Or something entirely different?
There could be another reason for the artifacts in the Landa sample. Someone I showed the image prior to publishing, suggested the following possible cause: an incomplete ink transfer from the belt to the substrate. Could it be that not all nanographic ink is transferred from the belt to the substrate? In case you are not familiar with the Landa Nanographic technique: the ink is jetted on a tranfer belt, where the water evaporates before the ink is transferred to the substrate.

The Landa S10/S10P has a belt cleaning unit, which is revealed in the manual. You can download that manual from the US Federal Communications Commission database. So, the belt at least is/needs to be cleaned. How much cleaning is needed, I don’t know. Maybe it’s just a bit of (paper) dust, maybe it’s a certain amount of ink that’s left on the blanket. If you know, if you have more information on that, please leave a comment! Also, if you have an alternative explanation for what we can see in the images, please leave a comment. I would love to know what’s happening here! And probably many other people in the industry too…

What is certain: the belt adds another variable in the printing process. Another variable that needs to be controlled and managed, making it more complex.

Why is this important?
When you are going to invest in production equipment, you need to be sure it works properly, especially if we talk about investment in the hundreds of thousands, even millions of euros.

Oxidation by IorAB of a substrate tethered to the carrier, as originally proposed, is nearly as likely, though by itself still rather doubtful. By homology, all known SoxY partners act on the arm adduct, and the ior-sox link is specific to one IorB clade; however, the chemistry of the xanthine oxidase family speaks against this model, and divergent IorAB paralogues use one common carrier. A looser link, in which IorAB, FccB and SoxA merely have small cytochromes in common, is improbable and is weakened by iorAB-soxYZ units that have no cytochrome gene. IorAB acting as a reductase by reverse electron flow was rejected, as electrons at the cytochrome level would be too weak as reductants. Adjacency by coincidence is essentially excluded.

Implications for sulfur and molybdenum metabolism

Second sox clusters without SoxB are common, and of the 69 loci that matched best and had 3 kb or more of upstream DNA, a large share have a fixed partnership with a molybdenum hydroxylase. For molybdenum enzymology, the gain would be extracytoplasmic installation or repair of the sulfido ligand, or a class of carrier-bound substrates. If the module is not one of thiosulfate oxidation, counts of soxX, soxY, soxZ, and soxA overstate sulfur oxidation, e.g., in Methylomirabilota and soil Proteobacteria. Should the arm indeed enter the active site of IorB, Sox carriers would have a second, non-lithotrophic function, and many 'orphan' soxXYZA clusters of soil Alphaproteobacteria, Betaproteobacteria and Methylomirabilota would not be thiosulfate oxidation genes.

When you visit a press vendor and witness a live demo, this will be on a machine that is in perfect condition. It is well maintained, the operators are well trained, they are the best of the best. And they also have a lot of time to prepare jobs, to make sure everything works properly. Which is not necessarily what you will see in a production environment. That’s why you need to order a regular – but challenging – print job at a company that already has that equipment installed. That’s when you will see the real potential of a device, or the real downsides. Getting a job printed will cost you a few dozen euros, but it might save you millions…


PS: I know some people will argue that you shouldn’t look at these samples with a loupe, that the samples look OK when looking at them from an average reading distance. Well, we have always looked at print, at printing technology like that, so why should we stop now? Print will never be perfect, I’ve said that before. But that’s no reason for bad print quality.


Previously published articles on Landa:
The Landa Promise: source material (12/06/2022)
The Landa Promise: Eddy Hagen & Morten B. Reitoft (, 11/06/2022)
The Landa S10P World Record: a closer look at the numbers… (06/04/2022)
Landa Nano Print Quality IRL: inkjet vs inkjet (21/11/2020)
Landa Nano Print Quality IRL: I’m not impressed (15/10/2020)
Drupa 2020: Landa Digital Printing (26/01/2020)

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About Eddy Hagen 134 Articles
The printing industry has changed significantly over the last few decades. And that change isn't over yet. Eddy Hagen has been observing all these changes from a front row seat, since 1988. He has seen and debunked hypes that still don't deliver. He has seen and promoted small evolutions that had a big impact. He has connected the dots to get a better view. He is an independent mind who might be able to give you unique insights in the world of print and innovation.